Dancing bears

Having dispensed with religion in my previous post, let’s move on to the really important stuff, namely, dancing. In the Melyvn Bragg documentary, and in the acknowledgments for The Amber Spyglass, Pullman credits On the Marionette Theatre, an essay by Heinrich von Kleist. In it, you’ll find the origin of the scene in Northern Lights in which Lyra fences with Iorek Byrnison, the armoured bear. There are also echoes of Pullman’s attitude to growing up: Lyra loses the natural grace to read the aleitheometer as she becomes self-conscious, but is told she’ll get it back if she works at it for many years.

I don’t agree with Kliest’s opinion that a marionette could be a better dancer than a person because a puppet is not self-conscious. If some dancers have their souls in the elbows, they at least have souls, unlike puppets. Watching a dance done well, I’m impressed partly because I recognise it’s a human achievement to make it look good, not merely impressed by the fact that it does look good. It’s hard to feel such a connection with a puppet.

Perhaps’s Kliest’s talk about self-consciousness applies more to doing a dance. There are times when you can lose yourself in it and become unselfconscious. Those are the good times. There are similar experiences in other fields. Programmers talk about the mental state known as flow, where they become immersed in the code, and find themselves looking up after a few minutes and realising hours have passed.

Why is this state so satisfying? Perhaps because the mind’s usual background chatter is silenced. Unlike armoured bears, humans can’t live in that state all the time, but that sort of break helps us keep our mental balance, as I’m sure any nearby Buddhists would tell you.

4 Comments on "Dancing bears"

  1. D and I have a long-standing debate over why it is more satisfying to watch Sylvie Guillem dance than it would be to watch an android programmed to move like Sylvie. Although one can intuit the ways in which the experience would be different (and one of the reasons has to be to do with awe at the physical possibilities of the human body manifest in Sylvie), it’s very hard to articulate why. Even when we turn it around and I ask D why it is more exciting for him to watch Bernard butler play guitar than it would be to watch an android-Bernard.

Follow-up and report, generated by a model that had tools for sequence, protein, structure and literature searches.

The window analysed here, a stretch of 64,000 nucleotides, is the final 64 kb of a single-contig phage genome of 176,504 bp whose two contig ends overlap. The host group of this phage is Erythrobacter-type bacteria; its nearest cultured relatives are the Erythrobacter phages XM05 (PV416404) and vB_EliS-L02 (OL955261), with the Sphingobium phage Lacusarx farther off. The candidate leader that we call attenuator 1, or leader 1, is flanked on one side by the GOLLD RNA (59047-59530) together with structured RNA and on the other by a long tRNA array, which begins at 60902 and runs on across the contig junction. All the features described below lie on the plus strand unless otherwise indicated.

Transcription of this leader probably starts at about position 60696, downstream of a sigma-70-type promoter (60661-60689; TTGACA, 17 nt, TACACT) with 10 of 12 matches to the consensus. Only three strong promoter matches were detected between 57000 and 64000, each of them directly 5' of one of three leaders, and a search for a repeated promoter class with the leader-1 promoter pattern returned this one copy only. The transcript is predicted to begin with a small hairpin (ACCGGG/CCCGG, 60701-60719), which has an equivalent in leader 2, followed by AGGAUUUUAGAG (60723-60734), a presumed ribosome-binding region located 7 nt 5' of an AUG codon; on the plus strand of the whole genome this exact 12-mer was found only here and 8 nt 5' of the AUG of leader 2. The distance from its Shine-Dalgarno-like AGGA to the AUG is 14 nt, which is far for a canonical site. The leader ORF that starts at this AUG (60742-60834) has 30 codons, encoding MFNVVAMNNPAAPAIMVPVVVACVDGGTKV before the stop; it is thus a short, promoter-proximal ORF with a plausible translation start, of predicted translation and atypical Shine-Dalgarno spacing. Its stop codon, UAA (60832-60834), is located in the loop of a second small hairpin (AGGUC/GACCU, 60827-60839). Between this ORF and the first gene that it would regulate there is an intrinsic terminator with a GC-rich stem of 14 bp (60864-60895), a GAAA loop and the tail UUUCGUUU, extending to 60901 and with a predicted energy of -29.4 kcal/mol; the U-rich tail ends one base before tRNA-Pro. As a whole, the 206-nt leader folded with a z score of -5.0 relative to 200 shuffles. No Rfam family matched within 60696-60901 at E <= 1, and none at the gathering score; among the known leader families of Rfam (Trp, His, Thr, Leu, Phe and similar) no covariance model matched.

I mean, it is better to watch Sylvie, of that I am sure. Maybe one reason is, whatever the thought-experiment behind the argument, I simply cannot conceive of an android that could move with such grace and passion.


    1. I’m reminded of the conversation in Iain M Banks’s Look to Windward between a composer (not human, as it happens, but of a roughly human-equivalent species) and a near-godlike strong AI. The composer asks the AI whether it could write a symphony that music scholars would be unable to tell from one of his own, and that he himself could imagine being proud to have written. The AI thinks, and says yes, it could do that; it wouldn’t be easy, but it would be perfectly possible, and (after prompting) it could do it much faster than the composer himself could. The composer asks, in that case, what is the point of him writing symphonies at all?

      And the AI answers, much as you say here, that the point is that the people listening to the symphony care that it’s written by someone basically like themselves pushing himself to the limit and thereby reaching an exceptional peak of ability and achievement for human-equivalent sentient life in general; they wouldn’t feel remotely the same way about the identical symphony if it had been tossed off by an AI for whom it was just a long and fiddly but basically unstretching exercise in musicology.

      (Of course, in this case and in yours, given a sufficiently indistinguishable imitation one could lie to the audience and claim it was real, and of course by construction the audience would indeed enjoy that just as much since they wouldn’t be able to tell the difference; but, the AI says, that isn’t a fair comparison because information is being withheld.)


    2. Depends what you mean by ‘move like’. If you mean reproduce a particular performance, then you’d effectively still be watching her, just as if you were watching that performance on video. If you mean anything else then it’s a non-question, because an android’s dance cannot mean anything: it cannot move with passion because it has no passion. It can only do what it is programmed to do, without thinking, without feeling, without meaning anything; whereas the real dancer communicates anew with each movement.



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